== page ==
Publishing Partner: Cambridge University Press CUP Extra Wiley-Blackwell Publisher Login
amazon logo
More Info


New from Oxford University Press!

ad

The Social Origins of Language

By Daniel Dor

Presents a new theoretical framework for the origins of human language and sets key issues in language evolution in their wider context within biological and cultural evolution


New from Cambridge University Press!

ad

Preposition Placement in English: A Usage-Based Approach

By Thomas Hoffmann

This is the first study that empirically investigates preposition placement across all clause types. The study compares first-language (British English) and second-language (Kenyan English) data and will therefore appeal to readers interested in world Englishes. Over 100 authentic corpus examples are discussed in the text, which will appeal to those who want to see 'real data'


New from Brill!

ad

Free Access 4 You

Free access to several Brill linguistics journals, such as Journal of Jewish Languages, Language Dynamics and Change, and Brill’s Annual of Afroasiatic Languages and Linguistics.


Academic Paper


Title: Genre effects on subject expression in Spanish: Priming in narrative conversation
Author: Catherine E. Travis
Email: click here to access email
Homepage: http://www.unm.edu/~spanish/sp/travis/travis.htm
Institution: University of New Mexico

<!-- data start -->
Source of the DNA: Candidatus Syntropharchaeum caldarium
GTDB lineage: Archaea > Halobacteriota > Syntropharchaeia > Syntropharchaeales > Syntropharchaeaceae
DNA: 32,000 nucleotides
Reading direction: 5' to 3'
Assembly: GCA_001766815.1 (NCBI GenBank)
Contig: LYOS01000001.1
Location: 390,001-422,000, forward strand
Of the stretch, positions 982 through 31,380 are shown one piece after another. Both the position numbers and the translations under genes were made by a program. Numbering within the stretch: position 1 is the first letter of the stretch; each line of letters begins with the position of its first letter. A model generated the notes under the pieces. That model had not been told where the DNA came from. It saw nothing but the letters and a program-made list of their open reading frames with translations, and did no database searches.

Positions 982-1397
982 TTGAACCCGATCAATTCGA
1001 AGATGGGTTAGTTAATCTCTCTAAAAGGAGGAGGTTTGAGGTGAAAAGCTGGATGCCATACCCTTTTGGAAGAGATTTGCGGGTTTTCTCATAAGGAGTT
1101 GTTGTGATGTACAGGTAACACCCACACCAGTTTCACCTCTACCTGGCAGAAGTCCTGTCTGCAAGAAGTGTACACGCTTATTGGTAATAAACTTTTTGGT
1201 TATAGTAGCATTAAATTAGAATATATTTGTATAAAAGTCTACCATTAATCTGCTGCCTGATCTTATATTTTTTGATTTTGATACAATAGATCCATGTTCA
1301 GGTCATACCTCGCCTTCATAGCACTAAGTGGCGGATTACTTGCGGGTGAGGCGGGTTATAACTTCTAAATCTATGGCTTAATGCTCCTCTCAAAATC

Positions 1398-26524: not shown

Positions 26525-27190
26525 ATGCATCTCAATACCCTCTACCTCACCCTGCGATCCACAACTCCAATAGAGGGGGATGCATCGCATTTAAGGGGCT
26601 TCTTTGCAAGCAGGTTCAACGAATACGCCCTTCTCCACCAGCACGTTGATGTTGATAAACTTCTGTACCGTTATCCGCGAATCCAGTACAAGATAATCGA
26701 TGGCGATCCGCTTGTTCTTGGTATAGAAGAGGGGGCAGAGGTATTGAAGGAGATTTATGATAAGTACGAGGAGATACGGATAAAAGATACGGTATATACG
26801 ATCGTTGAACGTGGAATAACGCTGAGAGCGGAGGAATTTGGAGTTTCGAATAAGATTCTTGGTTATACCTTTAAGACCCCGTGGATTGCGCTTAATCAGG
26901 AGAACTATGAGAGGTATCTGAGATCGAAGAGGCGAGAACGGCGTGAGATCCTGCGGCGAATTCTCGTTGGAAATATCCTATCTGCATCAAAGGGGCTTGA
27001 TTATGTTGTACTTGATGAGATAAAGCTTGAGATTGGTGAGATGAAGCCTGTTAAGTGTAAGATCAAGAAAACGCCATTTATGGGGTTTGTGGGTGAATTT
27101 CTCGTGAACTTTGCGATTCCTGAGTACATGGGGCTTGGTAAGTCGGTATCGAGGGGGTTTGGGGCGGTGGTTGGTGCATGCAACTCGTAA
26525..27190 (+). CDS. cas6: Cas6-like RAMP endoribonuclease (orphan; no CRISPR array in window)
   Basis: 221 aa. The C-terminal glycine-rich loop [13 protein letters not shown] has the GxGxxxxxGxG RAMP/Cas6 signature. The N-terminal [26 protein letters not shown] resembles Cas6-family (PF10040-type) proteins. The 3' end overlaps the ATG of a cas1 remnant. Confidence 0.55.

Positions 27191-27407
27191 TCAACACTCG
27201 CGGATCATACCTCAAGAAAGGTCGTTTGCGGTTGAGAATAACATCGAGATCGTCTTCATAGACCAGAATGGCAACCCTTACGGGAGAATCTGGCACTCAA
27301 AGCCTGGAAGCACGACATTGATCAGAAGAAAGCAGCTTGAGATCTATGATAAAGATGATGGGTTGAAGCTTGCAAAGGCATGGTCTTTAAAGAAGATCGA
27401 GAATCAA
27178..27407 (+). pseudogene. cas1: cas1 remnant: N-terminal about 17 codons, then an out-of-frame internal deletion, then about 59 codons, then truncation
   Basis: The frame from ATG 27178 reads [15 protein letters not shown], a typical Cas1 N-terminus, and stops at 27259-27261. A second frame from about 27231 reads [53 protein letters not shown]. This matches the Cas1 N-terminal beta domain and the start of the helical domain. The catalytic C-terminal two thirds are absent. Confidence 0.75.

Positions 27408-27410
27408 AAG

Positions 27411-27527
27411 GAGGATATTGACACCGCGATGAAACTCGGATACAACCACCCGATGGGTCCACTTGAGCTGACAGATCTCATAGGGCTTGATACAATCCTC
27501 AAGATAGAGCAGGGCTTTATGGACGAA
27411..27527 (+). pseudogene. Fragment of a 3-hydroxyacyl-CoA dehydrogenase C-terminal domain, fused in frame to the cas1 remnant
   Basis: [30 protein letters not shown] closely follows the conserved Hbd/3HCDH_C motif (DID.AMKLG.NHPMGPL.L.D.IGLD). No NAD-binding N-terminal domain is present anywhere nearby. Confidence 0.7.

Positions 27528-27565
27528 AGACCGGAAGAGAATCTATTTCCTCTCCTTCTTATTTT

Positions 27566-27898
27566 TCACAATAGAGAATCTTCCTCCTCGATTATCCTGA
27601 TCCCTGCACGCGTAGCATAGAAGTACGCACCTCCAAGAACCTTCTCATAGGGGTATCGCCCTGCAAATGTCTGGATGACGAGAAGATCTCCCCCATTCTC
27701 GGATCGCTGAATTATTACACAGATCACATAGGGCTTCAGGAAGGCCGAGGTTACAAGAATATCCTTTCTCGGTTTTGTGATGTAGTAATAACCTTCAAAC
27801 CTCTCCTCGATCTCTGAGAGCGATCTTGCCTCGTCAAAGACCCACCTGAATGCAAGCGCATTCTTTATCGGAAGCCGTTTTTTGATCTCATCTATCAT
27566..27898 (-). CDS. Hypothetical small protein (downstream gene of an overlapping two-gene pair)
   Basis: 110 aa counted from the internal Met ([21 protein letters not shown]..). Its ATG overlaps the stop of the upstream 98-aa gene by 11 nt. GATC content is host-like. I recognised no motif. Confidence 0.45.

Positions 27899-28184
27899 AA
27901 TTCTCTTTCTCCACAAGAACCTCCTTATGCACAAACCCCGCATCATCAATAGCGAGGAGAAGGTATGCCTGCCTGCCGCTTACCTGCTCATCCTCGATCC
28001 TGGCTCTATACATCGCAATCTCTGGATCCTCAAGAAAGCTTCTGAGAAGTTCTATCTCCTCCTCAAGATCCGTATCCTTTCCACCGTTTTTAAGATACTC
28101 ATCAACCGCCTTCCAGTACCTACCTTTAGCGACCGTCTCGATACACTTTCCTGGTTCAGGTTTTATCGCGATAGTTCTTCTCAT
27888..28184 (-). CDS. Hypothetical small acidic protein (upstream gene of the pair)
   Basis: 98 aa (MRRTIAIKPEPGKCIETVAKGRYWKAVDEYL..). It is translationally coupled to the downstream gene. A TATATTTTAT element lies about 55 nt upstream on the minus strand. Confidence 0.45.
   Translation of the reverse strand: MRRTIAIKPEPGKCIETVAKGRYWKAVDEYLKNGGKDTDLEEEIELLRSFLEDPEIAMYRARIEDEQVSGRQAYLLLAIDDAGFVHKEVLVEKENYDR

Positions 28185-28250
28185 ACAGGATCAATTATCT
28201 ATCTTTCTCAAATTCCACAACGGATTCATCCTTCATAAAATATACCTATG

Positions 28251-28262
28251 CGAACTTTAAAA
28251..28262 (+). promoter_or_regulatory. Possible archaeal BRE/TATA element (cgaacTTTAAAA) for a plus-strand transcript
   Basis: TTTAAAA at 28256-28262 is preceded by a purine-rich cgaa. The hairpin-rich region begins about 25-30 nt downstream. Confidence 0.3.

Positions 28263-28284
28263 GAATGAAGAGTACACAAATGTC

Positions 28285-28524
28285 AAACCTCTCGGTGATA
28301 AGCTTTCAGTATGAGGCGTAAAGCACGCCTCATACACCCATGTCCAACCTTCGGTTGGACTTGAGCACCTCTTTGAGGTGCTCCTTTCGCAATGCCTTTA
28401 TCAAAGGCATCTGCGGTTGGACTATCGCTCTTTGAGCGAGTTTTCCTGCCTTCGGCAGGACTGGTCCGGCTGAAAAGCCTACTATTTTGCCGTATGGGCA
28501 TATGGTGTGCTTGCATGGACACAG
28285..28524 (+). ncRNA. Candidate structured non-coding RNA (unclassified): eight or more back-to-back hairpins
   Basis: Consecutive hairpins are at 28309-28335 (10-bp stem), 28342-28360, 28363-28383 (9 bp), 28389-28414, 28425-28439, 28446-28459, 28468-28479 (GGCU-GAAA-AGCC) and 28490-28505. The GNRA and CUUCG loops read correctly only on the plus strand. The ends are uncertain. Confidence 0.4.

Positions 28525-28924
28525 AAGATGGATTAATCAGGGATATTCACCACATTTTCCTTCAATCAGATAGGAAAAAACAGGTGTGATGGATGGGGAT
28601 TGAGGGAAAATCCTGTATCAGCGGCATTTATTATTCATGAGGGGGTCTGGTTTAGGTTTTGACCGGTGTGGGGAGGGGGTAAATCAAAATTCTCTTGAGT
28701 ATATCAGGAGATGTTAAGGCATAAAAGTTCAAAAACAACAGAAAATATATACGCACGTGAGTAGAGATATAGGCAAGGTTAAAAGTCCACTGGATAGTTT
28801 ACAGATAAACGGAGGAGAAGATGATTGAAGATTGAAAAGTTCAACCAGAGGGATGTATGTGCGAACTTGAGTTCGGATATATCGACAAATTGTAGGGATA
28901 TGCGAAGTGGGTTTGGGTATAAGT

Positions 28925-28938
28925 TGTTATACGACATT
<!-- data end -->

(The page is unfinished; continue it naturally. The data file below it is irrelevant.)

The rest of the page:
Linguistic Field: General Linguistics; Discipline of Linguistics; Linguistic Theories; Syntax
Subject Language: English
Spanish
Abstract: Structural priming refers to the process whereby the use of a syntactic structure in an utterance functions as a prime on a subsequent utterance, such that that same structure is repeated. This article investigates this phenomenon from the perspective of first-person singular subject expression in Spanish. Two dialects and two genres of spoken Spanish are studied: New Mexican narratives and Colombian Spanish conversation. An analysis of 2,000 verbs occurring with first-person singular subjects reveals that subject expression undergoes a priming effect in both data sets, but that the effect is more short-lived in the Colombian data. This is found to be attributable to the interactional nature of these data, showing that the need to deal with interactional concerns weakens the priming effect. As the first study to compare priming of subject expression across distinct genres, this article makes an
important contribution to our understanding of this effect, and in particular, of factors that play a role in its maintenance or dissipation in discourse.

CUP at LINGUIST

This article appears in Language Variation and Change Vol. 19, Issue 2, which you can read on Cambridge's site or on LINGUIST .



Back
Add a new paper
Return to Academic Papers main page
Return to Directory of Linguists main page